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Farm and Ranch Insurance: What You Need To Know

Farm and Ranch Insurance: What You Need To Know

June 20, 2019


Farmers have an incredible responsibility to feed our great nation. This responsibility comes with several challenges, some of which are beyond the farmer’s control. Farm and ranch insurance coverage helps to make sure these challenges do not turn into devastation. Critical insurance aspects need to be looked at each year by the farmer to ensure a natural disaster, insurance claim loss, or a bad crop yield does not wreak havoc on the farm.

Farming is a tough business! Farmers continue to work their tails off only to take it on the chins time and time again. Crop prices continue to remain low. Input costs remain high. Land prices continue to creep up and foreign tariffs come in to play. Not to mention the stress that goes along with the unpredictable weather every single day of the growing season! These hardworking men, women, and children need to be thanked. They go through an emotional roller coaster every year just to put food on our table!

Whether you are farming your granddads 80-acre piece of land or 10,000 acres of rented ground, there are certain insurance coverages that need to be in place for proper risk management. Let’s briefly look at some of these options:

Farm Barn Insurance: Dwelling, Property, & Equipment

Farming isn’t like any other business. As a farmer, you’re likely to rely on a number of assets, from your equipment and machinery down to your outbuildings and farm barns. Moreover, your farm dwelling will need protected, too. Where would you stay if something happened? Your farm and ranch insurance may include the following coverage options for your dwelling and farm buildings.


The mainstay of the entire family where home meals are prepared, where kids and grandkids play, homework assignments are completed and basic responsibilities are learned. Make sure you have enough coverage in place to rebuild your square footage. No money should come out of your pocket for a rebuild.


This includes the machine shed, tool shops, grain bins, grain legs, grain dryers, garage and livestock barns. Farm buildings come in all sorts of shapes and sizes. Make sure you have adequate coverage to keep you from taking a financial loss if there is a total structure loss. Let’s take an example.

What would happen if you lost your entire herd from damage to the livestock building? You would want to have coverage on the herd and the loss of business income from not being able to sell the livestock, milk, or consumable good.


Farm equipment makes it possible for farmers to complete the tasks at hand. Typical equipment on the farm could include tractors, a combine, a spray coupe, implements and tools. The basic farm policies cover weather related losses, collisions, theft, and vandalism.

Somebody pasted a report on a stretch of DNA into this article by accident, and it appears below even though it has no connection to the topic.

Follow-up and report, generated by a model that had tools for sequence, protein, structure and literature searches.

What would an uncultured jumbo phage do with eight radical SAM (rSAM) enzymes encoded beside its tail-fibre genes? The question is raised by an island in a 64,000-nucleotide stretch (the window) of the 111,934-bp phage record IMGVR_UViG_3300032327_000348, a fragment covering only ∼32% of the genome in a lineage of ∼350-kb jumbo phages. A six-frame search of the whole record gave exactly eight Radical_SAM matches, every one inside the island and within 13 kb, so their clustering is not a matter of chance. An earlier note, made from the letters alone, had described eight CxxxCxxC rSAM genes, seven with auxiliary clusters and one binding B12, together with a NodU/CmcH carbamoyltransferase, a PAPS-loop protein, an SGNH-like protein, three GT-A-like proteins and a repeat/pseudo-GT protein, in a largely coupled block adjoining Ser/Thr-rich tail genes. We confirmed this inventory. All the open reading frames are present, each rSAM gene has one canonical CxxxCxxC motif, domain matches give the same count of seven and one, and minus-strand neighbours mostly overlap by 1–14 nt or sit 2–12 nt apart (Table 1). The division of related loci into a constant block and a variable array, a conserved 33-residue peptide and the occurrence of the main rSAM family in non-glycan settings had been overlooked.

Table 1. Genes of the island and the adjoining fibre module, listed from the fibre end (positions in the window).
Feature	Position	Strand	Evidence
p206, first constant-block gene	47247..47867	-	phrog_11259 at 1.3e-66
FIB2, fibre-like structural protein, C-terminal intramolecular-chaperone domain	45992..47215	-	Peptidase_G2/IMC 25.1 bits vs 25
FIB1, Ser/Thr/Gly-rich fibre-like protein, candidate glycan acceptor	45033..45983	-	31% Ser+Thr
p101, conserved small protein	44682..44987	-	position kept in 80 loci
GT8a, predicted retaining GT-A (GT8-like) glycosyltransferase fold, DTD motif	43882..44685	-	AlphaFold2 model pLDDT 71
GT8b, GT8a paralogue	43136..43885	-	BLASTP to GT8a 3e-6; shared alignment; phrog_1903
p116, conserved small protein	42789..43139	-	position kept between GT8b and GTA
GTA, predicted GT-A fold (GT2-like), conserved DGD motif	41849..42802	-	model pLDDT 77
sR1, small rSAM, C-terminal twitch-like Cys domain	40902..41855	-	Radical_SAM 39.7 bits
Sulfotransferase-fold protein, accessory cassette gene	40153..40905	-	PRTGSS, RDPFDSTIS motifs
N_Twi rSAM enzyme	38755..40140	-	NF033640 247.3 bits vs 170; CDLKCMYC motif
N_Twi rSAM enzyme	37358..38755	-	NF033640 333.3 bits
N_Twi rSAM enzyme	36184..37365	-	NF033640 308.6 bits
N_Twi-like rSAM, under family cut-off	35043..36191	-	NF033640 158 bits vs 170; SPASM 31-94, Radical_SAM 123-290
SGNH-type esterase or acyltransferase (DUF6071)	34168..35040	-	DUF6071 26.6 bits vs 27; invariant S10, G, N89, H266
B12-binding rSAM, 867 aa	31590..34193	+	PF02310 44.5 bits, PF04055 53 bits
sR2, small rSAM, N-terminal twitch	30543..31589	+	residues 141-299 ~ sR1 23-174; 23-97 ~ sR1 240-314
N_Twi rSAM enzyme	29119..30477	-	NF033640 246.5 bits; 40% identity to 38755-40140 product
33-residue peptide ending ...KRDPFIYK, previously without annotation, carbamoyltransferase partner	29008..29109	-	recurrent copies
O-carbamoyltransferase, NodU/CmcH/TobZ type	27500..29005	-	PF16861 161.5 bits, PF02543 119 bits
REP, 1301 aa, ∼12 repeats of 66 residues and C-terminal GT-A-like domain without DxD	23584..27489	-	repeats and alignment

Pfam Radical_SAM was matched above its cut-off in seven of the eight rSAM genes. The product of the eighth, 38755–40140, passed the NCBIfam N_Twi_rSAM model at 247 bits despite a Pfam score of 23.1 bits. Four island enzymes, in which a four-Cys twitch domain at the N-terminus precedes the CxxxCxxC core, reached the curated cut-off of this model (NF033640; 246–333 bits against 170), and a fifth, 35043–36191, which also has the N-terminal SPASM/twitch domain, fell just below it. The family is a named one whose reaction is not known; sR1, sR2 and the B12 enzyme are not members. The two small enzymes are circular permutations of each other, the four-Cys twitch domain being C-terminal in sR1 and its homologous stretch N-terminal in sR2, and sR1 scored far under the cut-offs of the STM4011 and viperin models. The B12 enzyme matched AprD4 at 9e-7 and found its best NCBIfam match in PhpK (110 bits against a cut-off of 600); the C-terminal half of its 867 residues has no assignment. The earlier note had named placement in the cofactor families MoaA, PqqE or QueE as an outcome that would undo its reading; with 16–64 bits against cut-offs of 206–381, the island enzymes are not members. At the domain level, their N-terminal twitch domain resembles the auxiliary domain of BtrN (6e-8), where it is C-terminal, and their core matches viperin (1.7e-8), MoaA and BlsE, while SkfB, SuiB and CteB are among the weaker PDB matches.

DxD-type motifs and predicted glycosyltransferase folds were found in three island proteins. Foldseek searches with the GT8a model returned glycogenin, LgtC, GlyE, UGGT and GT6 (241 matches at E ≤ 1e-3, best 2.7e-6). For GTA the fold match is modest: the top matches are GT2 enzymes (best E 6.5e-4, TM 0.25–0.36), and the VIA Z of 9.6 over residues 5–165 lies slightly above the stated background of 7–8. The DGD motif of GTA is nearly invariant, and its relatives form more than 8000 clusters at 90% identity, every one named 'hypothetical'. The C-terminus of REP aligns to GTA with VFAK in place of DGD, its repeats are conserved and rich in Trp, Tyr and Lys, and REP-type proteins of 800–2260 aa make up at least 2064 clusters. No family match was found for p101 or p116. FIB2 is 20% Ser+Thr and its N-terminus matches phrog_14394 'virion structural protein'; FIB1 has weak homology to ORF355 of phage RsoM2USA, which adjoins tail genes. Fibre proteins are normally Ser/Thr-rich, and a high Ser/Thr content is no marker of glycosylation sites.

• What if you encounter a large rock with the combine or haybine? It would be a good idea to add intake of foreign objects to the policy, which would also cover the cost of renting a replacement machine. When crops are fit, this replacement coverage would help to avoid downtime when time is of the essence.
  • What if a raccoon takes a nap in your brand new combine? You start it up in the spring to check everything and run that 30 pound animal through the belt system causing thousands in damages? [True story from a real client.] This would require “special” form coverage on your farm equipment.

All policies are not the same. Make sure you know what is in your policy with help from your insurance professional.


Assuming your farm uses vehicles to carry out its operations, whether transporting passengers, hauling materials, or transporting goods, you’ll need to include some form of commercial auto coverage with your overarching farm and ranch insurance policy. There are 3 different classifications for vehicles:

  • Personal vehicles are for private passengers and not used for farming purposes.
  • Farm vehicles are used to haul your own commodities with no charge for hire.
  • Commercial vehicles are used for hire. These can be used for grain hauling for others or hauling commercial loads.

Make sure your exposure is clearly understood by your insurance carrier or there could be serious consequences. If you are hauling commercially and the carrier thinks it is for farm use, there is a strong chance a claim denial would be sent, leaving you to pay for damages and injuries out of your pocket.


As a row crop farmer, this is one of the most important options you can purchase. Crops are your main source of income for the entire year. How do you get through if yields are not sufficient? There are various plans that can be purchased to guarantee a certain percentage of your yields and therefore, annual income. These plans are also subsidized by the federal government, which helps with the pricing. Multiple peril crop insurance (MPCI) are the most popular options.  Make sure if a natural disaster hits you are properly leveraged here.